Netted mountain moth (Macaria carbonaria)

Male Netted Mountain moth
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Netted mountain moth fact file

Netted mountain moth description

GenusMacaria (1)

Adult Netted Mountain moths have blackish abdomens and dark wings with variable white flecks (2). The caterpillar grows to 22 mm in length, and has a brown head and a dingy ochreous-brown or brownish-white body, with wavy dark lines passing along its length (3).

Semiothisa carbonaria.
Adult wingspan: 23 – 25 mm (2)
Caterpillar length: up to 22 mm (3)

Netted mountain moth biology

The Netted Mountain Moth is single-brooded, and adults are active from late April to early June, although the precise time of emergence depends on the weather and the altitude. They fly in sunshine and are attracted to flowering moorland plants such bearberry (Arctostaphylos uva-ursi) (2). The eggs are laid in May, and the caterpillars are present from June through to August. They feed at night on bearberry, and spend the day hidden beneath leaves (3). Pupation occurs during August or September in dead leaf litter on the ground, and the adults emerge the following spring (5).


Netted mountain moth range

In the British Isles, this moth is known only from the central Scottish Highlands, where it has a fairly scattered distribution. Elsewhere, it is found in northern mainland Europe, where it is relatively common in areas of Norway, Sweden and Finland. In central Europe it occurs on mountains, reaching as far south as the Alps and east to north-east Siberia (4).

You can view distribution information for this species at the National Biodiversity Network Atlas.

Netted mountain moth habitat

As the English name of this moth suggests, it does indeed occur on mountain sides as well as moorlands (2).


Netted mountain moth status

Classified as Rare in Britain (4).


Netted mountain moth threats

The habitats of this moth are threatened by overgrazing and unsuitable management including neglect (4). Unless controlled burning takes place every few years, the bearberry is swamped by heather (5).


Netted mountain moth conservation

The Netted Mountain Moth is a priority species under the UK Biodiversity Action Plan. The Species Action Plan aims to maintain all current populations of this moth. Some of the sites supporting this species are nature reserves or Sites of Special Scientific Interest (SSSIs), and so the species receives a level of protection in these areas. Further surveys and regular monitoring are required to accurately determine and keep track of the status and range of the species. Detailed research into the ecology of this moth is also required in order to guide conservation action (3).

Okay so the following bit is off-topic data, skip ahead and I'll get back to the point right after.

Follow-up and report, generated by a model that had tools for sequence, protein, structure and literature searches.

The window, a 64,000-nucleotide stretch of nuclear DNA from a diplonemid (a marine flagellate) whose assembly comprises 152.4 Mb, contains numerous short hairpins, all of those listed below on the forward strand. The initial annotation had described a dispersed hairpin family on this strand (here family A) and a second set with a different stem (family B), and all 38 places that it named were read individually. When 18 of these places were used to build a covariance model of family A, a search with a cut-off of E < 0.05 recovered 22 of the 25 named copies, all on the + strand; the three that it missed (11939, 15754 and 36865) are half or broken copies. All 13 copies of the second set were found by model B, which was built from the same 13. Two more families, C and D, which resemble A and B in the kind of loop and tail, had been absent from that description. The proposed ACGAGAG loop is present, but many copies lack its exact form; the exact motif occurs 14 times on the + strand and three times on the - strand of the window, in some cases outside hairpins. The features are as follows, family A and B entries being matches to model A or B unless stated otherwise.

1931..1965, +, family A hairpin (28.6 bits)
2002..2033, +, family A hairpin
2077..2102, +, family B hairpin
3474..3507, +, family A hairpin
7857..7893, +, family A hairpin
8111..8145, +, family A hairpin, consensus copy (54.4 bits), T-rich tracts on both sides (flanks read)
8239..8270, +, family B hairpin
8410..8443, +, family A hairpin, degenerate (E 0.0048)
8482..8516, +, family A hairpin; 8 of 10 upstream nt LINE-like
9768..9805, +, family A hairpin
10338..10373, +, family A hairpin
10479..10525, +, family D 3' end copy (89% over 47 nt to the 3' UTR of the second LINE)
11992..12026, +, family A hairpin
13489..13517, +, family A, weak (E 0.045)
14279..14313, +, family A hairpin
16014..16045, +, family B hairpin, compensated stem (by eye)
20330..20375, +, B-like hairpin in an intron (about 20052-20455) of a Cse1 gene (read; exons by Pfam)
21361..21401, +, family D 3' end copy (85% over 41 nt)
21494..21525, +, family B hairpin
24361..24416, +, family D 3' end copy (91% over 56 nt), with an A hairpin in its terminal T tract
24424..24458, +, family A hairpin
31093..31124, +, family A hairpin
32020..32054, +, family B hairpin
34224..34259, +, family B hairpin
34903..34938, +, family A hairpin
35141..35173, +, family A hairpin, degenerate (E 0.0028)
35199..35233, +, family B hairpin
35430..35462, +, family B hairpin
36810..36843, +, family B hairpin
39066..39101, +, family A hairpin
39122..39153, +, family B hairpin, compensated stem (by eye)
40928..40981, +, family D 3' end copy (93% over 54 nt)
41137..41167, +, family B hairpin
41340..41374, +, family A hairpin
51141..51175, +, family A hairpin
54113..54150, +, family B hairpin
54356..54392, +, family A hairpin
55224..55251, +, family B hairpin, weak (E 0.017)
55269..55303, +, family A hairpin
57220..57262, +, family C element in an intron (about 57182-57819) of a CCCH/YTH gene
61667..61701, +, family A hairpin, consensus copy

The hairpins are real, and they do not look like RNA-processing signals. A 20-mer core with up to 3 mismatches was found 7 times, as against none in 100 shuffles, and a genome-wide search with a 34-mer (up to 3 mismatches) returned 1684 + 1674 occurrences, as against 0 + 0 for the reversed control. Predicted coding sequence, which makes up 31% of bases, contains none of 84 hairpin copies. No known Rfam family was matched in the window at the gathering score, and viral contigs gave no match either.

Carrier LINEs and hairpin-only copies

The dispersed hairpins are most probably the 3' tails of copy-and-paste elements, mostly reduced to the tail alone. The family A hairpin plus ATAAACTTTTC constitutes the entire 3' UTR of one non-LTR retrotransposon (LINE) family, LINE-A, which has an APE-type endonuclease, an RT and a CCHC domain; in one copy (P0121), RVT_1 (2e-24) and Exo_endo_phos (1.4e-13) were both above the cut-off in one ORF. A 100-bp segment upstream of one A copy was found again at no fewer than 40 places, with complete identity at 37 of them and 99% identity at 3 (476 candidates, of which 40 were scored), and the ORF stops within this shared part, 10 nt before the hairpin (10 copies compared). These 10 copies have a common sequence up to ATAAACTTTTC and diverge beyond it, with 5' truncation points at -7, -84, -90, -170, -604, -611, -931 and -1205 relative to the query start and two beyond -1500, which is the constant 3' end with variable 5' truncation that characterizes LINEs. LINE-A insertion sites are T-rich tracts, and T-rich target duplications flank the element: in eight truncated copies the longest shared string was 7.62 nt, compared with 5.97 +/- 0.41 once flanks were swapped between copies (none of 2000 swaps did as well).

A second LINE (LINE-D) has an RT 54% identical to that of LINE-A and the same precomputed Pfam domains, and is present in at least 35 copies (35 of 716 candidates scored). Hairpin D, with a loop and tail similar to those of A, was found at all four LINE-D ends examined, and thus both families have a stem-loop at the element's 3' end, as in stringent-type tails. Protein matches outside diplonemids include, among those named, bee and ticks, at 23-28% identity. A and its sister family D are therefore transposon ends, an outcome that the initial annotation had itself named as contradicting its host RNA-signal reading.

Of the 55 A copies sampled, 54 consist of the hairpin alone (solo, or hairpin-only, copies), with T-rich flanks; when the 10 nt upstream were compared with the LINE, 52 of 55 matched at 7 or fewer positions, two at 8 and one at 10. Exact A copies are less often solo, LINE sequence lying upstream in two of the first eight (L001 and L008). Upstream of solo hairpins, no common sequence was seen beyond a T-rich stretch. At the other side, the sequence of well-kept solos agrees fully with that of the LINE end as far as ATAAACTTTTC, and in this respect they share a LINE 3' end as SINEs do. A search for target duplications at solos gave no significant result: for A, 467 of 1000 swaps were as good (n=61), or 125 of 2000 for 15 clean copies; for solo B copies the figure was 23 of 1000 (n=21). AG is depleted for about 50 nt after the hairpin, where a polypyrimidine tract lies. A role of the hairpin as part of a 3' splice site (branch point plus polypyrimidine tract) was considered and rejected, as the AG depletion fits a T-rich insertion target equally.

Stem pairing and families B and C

There may be further information about this species available via the National Biodiversity Network Atlas.

Find out more

For more on this species see:
Skinner, B. (1984) Colour identification guide to moths of the British Isles. Penguin Books Ltd, Hamondsworth.

For more on butterflies and moths see:
Butterfly Conservation:

Enjoying Moths Roy Leverton (Poyser)



Information authenticated by Roy Leverton with the support of the British Ecological Society:



The process of becoming a pupa, the stage of an insect’s development, when huge changes occur that reorganise the larval form into the adult form. In butterflies the pupa is also called a chrysalis.
(Also known as ‘univoltine’). Insect life cycle that takes 12 months to be complete, and involves a single generation. The egg, larva, pupa or adult over winters as a dormant stage.


  1. National Biodiversity Network Species Dictionary (September 2003):
  2. Skinner, B. (1984) Colour identification guide to moths of the British Isles. Penguin Books, Harmondsworth.
  3. Carter, D.J. (1986) A field guide to caterpillars of butterflies and moths in Britain and Europe. Collins, London.
  4. UK BAP Species Action Plan (October 2003). Available on-line at:
  5. Leverton, R. (2004) Pers. comm.

Image credit

Male Netted Mountain moth  
Male Netted Mountain moth

© Roy Leverton

Roy Leverton
AB45 2HS
United Kingdom
Tel: +44 (0) 1466 751 252


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